* "Unsafe electrical distribution from the connection at the pole to the outlets in the walls. This structure is compromised electrically and has a high potential for an electrical fire."

* ECS recommends the entire electrical system be replaced. The system, a 1940s knob and tube system, has been heavily modified and does not meet state fire codes.

* All rooms in the facility had electric baseboard heat, but many units were incorrectly wired, ECS investigators found.

* Clothes dryer exhaust vents were clogged in both laundry areas, with lint build-up considered a potential fire hazard.

* All bath fans in the facility exhibited no evidence of being piped to the outdoors, and needed cleaning.

* The mission's fire escape had not been weight tested in five years. Access to the fire escape on the second floor isn't possible without going through a resident's room.

* The north fire escape's welds which attach the fire escape to the building have been compromised due to rust, according to inspectors. Masonry anchors are all that holds the fire escape to the building.

"This is clearly a major concern for the fire escape and for people walking below on the sidewalk," ECS inspectors suggest.

French disagrees, stating the fire escape is held in place by a steel crossbar, and suggests the inspectors misrepresented the extent the 110-year-old former hotel has problems.

He termed inspectors "four guys with flashlights and no instruments."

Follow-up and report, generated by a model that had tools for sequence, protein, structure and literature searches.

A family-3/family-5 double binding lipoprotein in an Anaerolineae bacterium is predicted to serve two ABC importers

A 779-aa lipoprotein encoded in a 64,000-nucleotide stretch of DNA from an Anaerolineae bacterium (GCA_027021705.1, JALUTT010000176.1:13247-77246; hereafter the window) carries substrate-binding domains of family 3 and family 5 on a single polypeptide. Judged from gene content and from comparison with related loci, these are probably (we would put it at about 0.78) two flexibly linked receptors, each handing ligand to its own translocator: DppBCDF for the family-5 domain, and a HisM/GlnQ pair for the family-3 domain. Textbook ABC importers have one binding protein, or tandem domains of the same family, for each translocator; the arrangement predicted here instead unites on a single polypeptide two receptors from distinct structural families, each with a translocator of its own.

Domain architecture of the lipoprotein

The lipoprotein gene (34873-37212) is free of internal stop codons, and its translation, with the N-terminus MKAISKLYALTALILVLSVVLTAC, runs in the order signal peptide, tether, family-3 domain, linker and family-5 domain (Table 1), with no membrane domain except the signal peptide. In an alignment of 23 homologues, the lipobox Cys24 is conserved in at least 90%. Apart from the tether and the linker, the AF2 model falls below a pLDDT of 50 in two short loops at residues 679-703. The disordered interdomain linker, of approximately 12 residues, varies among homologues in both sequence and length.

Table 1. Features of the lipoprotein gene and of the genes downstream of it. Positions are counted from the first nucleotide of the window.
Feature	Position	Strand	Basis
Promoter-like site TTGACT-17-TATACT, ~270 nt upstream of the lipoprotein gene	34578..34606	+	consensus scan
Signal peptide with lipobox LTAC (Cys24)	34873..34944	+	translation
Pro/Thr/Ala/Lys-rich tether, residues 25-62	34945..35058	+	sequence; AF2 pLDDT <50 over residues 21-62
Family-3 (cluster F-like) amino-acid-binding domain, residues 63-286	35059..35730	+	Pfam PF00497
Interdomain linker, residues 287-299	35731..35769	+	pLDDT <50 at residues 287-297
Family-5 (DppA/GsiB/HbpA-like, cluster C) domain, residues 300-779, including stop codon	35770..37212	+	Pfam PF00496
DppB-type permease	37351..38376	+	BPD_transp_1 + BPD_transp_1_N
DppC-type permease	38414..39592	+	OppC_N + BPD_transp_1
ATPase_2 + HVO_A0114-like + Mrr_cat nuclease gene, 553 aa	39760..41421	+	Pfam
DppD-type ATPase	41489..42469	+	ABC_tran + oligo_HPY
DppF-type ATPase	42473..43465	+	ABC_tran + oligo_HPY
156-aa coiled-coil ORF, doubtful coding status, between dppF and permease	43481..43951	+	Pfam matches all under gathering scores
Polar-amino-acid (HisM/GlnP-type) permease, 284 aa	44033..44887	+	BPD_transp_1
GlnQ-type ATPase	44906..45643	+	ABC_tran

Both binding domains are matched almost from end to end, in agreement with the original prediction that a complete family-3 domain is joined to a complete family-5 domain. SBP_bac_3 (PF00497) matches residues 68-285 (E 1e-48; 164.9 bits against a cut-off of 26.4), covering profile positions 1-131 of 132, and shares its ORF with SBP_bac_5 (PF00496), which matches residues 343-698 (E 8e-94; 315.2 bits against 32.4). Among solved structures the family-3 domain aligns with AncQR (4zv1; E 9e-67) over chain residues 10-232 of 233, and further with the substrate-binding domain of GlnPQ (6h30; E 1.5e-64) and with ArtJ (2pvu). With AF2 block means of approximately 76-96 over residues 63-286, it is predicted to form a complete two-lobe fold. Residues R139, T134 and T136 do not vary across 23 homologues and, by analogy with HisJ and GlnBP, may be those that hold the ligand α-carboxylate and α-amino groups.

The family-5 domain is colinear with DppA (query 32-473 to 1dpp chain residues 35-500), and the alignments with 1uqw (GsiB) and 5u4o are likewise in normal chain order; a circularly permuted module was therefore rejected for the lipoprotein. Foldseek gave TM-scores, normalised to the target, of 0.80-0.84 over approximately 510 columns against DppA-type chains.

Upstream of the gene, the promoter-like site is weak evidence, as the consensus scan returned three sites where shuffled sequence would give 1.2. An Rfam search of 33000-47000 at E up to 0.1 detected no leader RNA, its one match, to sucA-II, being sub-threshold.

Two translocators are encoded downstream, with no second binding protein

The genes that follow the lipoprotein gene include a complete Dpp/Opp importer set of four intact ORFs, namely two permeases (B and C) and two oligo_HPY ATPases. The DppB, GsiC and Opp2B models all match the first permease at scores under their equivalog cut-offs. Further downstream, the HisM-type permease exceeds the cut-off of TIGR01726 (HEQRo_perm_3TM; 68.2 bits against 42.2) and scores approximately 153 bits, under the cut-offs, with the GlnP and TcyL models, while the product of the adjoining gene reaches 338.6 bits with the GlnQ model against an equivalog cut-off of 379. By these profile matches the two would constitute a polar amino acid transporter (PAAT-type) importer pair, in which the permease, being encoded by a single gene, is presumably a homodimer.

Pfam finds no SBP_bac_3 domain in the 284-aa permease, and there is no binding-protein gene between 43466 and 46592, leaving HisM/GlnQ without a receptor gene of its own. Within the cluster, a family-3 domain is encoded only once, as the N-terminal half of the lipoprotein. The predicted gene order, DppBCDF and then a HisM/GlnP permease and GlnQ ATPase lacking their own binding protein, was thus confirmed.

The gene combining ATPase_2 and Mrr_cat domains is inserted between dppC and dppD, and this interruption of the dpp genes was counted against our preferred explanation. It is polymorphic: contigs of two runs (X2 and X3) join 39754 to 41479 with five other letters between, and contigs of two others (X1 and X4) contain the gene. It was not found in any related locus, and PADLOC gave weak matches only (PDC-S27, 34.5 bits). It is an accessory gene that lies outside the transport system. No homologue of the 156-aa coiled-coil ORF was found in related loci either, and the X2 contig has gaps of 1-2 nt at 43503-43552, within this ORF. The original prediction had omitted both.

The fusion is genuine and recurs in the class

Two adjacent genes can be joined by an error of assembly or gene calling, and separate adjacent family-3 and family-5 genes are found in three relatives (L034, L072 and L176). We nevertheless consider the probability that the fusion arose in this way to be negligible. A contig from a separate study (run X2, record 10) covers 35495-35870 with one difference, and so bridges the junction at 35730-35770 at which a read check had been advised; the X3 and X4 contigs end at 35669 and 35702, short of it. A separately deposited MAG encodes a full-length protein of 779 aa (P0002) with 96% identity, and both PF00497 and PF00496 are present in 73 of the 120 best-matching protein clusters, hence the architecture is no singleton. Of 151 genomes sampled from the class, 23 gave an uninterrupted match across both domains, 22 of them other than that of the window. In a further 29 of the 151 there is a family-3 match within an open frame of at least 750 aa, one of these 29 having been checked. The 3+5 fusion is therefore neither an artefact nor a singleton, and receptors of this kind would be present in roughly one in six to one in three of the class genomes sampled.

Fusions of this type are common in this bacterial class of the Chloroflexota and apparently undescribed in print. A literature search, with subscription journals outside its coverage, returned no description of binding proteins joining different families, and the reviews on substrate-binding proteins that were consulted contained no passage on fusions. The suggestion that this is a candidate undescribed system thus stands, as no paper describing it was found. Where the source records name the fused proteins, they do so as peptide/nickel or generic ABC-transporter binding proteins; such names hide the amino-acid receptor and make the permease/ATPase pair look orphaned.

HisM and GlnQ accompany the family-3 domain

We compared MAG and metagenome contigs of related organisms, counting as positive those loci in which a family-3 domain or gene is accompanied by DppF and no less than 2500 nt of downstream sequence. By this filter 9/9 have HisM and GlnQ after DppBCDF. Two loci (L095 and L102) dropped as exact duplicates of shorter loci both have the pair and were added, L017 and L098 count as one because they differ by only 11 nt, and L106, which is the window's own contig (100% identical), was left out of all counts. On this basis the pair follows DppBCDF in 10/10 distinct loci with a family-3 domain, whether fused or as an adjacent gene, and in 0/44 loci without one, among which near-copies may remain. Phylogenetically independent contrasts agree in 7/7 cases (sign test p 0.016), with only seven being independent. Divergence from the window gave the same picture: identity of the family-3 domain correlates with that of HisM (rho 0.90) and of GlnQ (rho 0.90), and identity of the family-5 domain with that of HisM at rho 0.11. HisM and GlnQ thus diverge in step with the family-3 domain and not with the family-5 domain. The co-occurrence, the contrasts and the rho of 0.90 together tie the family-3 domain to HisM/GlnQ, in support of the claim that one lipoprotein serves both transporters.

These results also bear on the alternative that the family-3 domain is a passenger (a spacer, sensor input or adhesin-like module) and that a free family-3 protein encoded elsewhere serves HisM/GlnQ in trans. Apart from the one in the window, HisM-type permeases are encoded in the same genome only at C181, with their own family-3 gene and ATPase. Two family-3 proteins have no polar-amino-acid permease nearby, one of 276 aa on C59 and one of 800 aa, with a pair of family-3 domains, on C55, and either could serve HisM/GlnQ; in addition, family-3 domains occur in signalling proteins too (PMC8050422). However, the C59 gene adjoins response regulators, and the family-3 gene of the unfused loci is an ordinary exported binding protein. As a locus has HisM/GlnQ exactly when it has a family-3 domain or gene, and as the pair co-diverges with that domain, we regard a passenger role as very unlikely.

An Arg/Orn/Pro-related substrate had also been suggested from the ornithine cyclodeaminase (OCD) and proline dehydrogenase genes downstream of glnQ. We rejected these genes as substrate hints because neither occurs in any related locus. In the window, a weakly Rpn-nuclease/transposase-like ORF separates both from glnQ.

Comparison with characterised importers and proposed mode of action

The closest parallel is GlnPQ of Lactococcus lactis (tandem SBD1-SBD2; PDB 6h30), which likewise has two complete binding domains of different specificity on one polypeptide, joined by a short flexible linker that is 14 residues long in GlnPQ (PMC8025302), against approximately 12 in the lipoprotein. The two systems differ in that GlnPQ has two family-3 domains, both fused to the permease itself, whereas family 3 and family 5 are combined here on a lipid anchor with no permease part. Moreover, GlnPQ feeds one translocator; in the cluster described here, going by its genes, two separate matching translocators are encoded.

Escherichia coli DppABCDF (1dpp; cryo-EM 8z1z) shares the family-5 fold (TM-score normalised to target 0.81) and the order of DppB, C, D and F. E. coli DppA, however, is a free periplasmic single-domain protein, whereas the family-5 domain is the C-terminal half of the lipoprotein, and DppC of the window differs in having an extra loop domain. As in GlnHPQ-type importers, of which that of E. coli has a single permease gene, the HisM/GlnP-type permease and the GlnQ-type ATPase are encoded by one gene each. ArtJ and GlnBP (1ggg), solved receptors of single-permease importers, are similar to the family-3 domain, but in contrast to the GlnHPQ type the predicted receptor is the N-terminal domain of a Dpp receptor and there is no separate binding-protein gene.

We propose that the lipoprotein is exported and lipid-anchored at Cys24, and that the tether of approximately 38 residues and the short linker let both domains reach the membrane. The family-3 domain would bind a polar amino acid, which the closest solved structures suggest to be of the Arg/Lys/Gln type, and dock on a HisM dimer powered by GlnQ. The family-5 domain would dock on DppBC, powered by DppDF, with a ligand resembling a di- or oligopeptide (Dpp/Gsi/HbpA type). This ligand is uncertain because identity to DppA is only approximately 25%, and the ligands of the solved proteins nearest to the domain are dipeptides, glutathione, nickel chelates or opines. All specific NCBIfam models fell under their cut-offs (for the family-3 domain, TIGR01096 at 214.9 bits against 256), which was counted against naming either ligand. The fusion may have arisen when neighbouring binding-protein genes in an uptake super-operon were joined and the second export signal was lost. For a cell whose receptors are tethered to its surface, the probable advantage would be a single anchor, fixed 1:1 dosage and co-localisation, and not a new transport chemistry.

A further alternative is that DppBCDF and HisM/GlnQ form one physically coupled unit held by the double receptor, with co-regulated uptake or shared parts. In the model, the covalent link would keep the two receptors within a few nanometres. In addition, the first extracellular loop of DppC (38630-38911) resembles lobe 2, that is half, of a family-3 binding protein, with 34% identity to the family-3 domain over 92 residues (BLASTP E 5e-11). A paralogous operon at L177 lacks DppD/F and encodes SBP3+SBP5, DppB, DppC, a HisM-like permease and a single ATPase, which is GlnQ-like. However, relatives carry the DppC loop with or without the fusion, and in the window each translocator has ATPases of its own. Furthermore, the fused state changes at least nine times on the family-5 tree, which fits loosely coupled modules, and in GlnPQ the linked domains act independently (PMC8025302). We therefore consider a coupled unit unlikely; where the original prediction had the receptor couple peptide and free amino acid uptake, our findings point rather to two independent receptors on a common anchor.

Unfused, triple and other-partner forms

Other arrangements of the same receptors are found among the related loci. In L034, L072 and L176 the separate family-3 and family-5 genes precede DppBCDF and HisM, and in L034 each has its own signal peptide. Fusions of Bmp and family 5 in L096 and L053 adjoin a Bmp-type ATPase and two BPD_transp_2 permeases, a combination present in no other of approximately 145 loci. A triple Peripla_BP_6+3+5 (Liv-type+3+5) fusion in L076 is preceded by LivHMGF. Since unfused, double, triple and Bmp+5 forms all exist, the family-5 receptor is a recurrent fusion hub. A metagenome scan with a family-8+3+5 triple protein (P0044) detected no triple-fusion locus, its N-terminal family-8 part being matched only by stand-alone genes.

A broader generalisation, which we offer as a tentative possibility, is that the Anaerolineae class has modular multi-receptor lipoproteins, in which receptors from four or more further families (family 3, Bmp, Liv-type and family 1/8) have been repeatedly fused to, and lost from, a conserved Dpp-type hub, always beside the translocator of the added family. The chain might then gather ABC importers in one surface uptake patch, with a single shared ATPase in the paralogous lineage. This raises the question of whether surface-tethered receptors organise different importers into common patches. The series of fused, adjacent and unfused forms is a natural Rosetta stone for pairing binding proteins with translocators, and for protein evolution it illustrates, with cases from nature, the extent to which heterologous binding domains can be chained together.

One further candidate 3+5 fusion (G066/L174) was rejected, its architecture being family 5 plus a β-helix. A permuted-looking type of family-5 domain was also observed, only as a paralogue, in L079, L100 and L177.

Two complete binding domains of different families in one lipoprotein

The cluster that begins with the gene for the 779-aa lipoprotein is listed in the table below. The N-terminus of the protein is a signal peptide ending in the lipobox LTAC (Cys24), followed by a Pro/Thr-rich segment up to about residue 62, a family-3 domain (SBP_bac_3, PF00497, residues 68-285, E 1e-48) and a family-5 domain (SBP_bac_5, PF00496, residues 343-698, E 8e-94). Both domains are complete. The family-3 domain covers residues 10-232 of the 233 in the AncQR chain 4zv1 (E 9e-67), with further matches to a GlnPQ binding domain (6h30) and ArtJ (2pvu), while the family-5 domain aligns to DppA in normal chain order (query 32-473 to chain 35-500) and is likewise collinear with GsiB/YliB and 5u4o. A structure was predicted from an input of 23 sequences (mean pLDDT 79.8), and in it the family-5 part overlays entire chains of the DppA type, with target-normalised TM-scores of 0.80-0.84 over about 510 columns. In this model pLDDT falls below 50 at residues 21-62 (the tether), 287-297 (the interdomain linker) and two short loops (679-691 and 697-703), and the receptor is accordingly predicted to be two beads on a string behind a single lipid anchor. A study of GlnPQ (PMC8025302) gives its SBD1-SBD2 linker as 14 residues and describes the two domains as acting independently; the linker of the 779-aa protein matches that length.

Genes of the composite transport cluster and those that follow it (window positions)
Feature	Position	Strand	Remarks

French is opposed to relocating the mission, stating that 60 percent of its revenue comes from the building's 11 apartments. No other suitable property exists locally, he suggested.

That money's even more precious to the mission in the aftermath of the report, which cut state and federal funds of around $27,000 annually.

The facility's roof also has a compromised membrane which appears to be around 25 years old and which is allowing leakage, causing mold and potential circuitry and wiring woes, per the ECS report.

Additionally, the mission's chimney has suffered a breakdown in its mortar, leaving the bricks loose.

Many flues and dryer vents are also improperly ventilated, with heated gases sometimes escaping inside the building, ECS inspectors reported.

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  • These are problems that can be fixed and should be fixed. This building offers homes to the most needy and is needed to give refuge to many in our community. When I see these people how many times have I said "But by the Grace of God there Go I!" The Churches, the community needs to pull together and save this building and help the needy.

    -- Posted by gcf on Thu, Oct 13, 2011, at 9:52 AM
  • Problem is, gcf, how many hundreds of thousands of dollars would have to be spent on that building to bring it up to code? More than it would be worth afterward, I suspect. And who's money should be spent on it? Certainly taxpayer money shouldn't go into a money-pit. It has served a good purpose, as you stated, but looks like it's just too far gone to be saved.

    -- Posted by C2H5OH on Thu, Oct 13, 2011, at 10:56 AM